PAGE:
While the grounded version is a classical beauty, the icy alternative is absolutely spectacular. The cast is a collection of Olympic figure skating medalists and athletes, so this is ballet dancing on steroids. Of course, I do not mean that
literally, although there are certainly some super-human feats. By LESLEY STONES.
ICG: Thailand’s Lengthening Roadmap to Elections
On 6 September 2015, a reform council appointed by Thailand’s military-run administration, the National Council for
Peace and Order (NCPO), rejected a constitution prepared by a drafting committee it had itself appointed. With the draft scuppered, the military regime extended its tenure by at least seven months, backtracking on the roadmap to “fully-functioning
democracy” it announced after the May 2014 coup and delaying a general election until mid-2017. By the INTERNATIONAL CRISIS GROUP.
Cape Town Sevens scores on the pitch, but falls foul off
it

While the Blitzboks triumphed on the field, the Sevens tournament – and the South African Rugby Union, left much to be
desired off the pitch. Lack of development clinics while the world’s best rugby minds were in town are just one of the sticking points for what could have been a truly memorable week for everyone. By ANTOINETTE MULLER.
Judith February: Sharing public spaces is the best way to bring people
together

South African cities, for an array of reasons to do with the past and present have failed to grasp quite how fundamental
cities and their development are in creating those spaces for interaction between ordinary people in a society with such high levels of inequality. Sharing public space is the great leveller, after all.
Marelise van der Merwe: The impact of gender-based violence on the
economy

As the 16 Days of Activism draw to a close, it’s worth looking at what gender-based violence is costing us, not just
socially and morally, but also economically and politically.
Rev Lawrence Mduduzi Ndlovu: Presidential leadership is about
trust

What we have witnessed with the removal from office of Nhlanhla Nene, has gone beyond the usual inter-party politicking
and criticism. We have now moved into the realm of the infringement of the fundamental agreement – the breach of trust. It is also a sad irony that the once mighty ANC, that has always been associated with bravery, is now full of people who can
barely open their mouths, let alone shake their heads.
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In case
you missed it
The madness of King Zuma
“Those whom the gods wish to destroy they first make mad.” Since the axing of Nhlanhla Nene as Finance Minister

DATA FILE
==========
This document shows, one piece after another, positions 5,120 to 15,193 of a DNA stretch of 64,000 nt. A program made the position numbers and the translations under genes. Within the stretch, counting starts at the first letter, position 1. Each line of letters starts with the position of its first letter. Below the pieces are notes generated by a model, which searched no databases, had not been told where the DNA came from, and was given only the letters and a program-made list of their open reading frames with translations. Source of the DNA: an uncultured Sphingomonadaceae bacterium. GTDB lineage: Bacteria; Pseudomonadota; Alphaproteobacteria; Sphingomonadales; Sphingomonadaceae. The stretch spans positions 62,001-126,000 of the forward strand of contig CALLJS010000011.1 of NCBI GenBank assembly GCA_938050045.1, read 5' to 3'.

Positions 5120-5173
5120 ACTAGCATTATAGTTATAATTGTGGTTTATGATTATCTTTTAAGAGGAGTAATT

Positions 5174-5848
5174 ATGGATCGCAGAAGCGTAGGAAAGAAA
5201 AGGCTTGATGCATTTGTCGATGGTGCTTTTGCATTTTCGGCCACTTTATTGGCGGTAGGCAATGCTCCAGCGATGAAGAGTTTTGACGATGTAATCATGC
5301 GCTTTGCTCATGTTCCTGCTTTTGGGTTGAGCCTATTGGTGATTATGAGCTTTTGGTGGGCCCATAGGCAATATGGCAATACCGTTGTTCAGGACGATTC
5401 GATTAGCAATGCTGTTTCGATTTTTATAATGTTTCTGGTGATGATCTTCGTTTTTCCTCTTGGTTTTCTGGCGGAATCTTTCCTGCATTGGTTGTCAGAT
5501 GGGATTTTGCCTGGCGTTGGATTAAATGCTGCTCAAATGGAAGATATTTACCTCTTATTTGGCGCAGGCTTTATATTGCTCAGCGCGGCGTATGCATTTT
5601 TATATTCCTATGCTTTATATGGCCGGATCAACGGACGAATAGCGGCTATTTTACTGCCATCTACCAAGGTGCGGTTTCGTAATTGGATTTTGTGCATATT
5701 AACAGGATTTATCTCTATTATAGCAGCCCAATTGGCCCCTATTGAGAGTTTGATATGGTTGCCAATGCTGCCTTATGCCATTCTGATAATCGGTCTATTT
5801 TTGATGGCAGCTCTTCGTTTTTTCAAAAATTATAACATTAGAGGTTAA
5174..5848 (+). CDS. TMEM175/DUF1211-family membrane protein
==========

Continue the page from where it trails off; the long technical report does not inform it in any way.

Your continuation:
Wednesday night, President Jacob Zuma had two public engagements where he could have given his troubled nation the assurance that there was some rationality behind his decision. At both the events he appeared detached from the spiralling crisis he
had singlehandedly engineered. It is plain to see that South Africa is not in safe hands. And yet Zuma has more power and security than ever. Perhaps it is us who are mad, as it us who are being destroyed. By RANJENI MUNUSAMY.
Casualties of Cola: THE MOVEMENT
Thabo Tsolo's house is a fading middle class property in a fading middle class neighbourhood in an old part of
Johannesburg, with views of the same mine-dumps around which South African Breweries was born. On a Sunday in late November, Tsolo’s outdoor carport was transformed into a command centre. The Tsolo residence served as the unofficial headquarters of
a movement called Golekane! (Tagline: Enuff is Enuff!) Inaugurated by Seipati Tsolo, Thabo’s wife, in 2012, Golekane! included at least 140 former ODs, the widows of eight deceased drivers, seven current contractors, and sundry lawyers and
politicians. It’s one of innumerable hashtag-free, self-generated special interest groups that assemble in communities across South Africa every weekend. Democracy at work; revolution by a thousand cuts; epic whinge-fest: call it what you like, but
Golekane! was formed to wrestle back a measure of the agency that was lost—Seipati would say stolen—when Thabo Tsolo signed that contract back in 2009.
Axing of Nene: A move that changed everything
One of the great arts of politics is the art of not making enemies. As you get more powerful, that becomes harder and